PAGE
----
An equation defining the force of attraction or repulsion between two charges.

Coulomb's Law describes the interaction between two objects that have electric charges. It states that the force between two charged bodies is equal to a constant k approximately 8.99×109 N m2/C2 times the product of the two charges, all divided by the square of the distance between the bodies. If the two charges are both either positive or negative, the force will be positive and the bodies will repel each other. If one is positive and one is negative, the force will be negative and they will attract each other.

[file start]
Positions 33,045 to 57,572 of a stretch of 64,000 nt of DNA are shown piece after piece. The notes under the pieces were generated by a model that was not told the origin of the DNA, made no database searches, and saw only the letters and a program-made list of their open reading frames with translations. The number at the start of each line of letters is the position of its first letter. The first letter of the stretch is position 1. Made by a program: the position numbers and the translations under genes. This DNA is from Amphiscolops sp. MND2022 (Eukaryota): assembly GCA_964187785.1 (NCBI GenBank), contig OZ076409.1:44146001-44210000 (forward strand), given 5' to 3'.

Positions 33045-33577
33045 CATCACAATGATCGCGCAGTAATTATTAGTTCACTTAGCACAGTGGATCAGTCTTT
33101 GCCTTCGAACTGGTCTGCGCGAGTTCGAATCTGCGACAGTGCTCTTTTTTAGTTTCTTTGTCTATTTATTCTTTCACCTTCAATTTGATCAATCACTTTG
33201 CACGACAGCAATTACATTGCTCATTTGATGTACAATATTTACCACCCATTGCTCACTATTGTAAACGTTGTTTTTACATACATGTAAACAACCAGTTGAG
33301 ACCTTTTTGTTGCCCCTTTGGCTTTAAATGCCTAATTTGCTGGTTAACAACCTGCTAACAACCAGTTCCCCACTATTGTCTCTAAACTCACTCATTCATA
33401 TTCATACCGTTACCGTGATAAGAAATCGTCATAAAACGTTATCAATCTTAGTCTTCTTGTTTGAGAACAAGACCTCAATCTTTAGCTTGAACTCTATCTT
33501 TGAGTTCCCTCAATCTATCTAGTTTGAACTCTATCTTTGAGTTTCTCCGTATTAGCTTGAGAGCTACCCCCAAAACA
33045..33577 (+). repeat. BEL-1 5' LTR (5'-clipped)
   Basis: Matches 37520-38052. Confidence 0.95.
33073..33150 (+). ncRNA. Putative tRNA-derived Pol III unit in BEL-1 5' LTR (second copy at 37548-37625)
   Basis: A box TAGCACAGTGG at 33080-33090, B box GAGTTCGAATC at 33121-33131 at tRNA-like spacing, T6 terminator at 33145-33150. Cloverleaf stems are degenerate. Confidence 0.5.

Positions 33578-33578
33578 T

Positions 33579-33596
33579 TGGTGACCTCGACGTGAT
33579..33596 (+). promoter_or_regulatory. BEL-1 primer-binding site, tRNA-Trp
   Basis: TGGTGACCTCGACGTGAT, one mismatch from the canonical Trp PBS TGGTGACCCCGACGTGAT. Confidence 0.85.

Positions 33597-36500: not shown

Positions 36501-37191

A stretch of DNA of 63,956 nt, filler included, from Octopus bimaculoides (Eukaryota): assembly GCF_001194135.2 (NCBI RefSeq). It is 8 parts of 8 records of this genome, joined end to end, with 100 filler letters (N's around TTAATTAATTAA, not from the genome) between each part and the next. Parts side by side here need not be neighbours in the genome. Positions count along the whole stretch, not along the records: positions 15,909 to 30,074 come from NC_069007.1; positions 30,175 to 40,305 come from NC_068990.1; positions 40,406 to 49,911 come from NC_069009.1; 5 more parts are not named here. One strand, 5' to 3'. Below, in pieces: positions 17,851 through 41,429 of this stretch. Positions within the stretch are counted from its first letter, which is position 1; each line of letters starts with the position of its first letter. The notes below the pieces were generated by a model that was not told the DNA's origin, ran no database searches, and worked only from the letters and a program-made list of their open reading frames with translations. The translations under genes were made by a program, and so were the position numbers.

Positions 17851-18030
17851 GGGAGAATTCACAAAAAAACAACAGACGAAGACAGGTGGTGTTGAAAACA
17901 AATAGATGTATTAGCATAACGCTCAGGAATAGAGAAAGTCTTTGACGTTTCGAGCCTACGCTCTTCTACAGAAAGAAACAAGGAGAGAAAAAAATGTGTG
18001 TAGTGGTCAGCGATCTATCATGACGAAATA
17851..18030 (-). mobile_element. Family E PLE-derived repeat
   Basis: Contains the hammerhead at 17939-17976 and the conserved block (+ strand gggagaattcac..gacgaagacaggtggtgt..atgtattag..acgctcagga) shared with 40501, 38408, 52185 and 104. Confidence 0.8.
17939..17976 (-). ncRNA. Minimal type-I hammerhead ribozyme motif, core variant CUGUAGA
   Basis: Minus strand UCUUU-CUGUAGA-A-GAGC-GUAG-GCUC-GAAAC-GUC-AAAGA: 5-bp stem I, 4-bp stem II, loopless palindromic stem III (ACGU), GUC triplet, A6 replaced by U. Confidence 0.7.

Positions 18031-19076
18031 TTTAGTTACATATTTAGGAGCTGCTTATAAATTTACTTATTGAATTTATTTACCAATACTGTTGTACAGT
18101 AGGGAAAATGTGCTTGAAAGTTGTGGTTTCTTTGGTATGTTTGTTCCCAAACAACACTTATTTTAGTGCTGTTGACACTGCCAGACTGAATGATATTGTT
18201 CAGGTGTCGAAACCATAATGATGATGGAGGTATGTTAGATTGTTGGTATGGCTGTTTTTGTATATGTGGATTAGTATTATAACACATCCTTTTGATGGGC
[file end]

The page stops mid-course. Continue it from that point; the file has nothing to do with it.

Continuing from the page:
Also called the LAW OF ELECTRIC CHARGES or the LAW OF ELECTROSTATIC ATTRACTION. Coulomb's Law states that charged bodies attract or repel each other with a force that is directly proportional to the product of their individual charges and inversely proportional to the square of the distance between them.

In physics, Coulomb's law is an inverse-square law indicating the magnitude and direction of electrostatic force that one stationary, electrically charged object of small dimensions (ideally, a ) exerts on another. It is named after Charles-Augustin de Coulomb who used a torsion balance to establish it.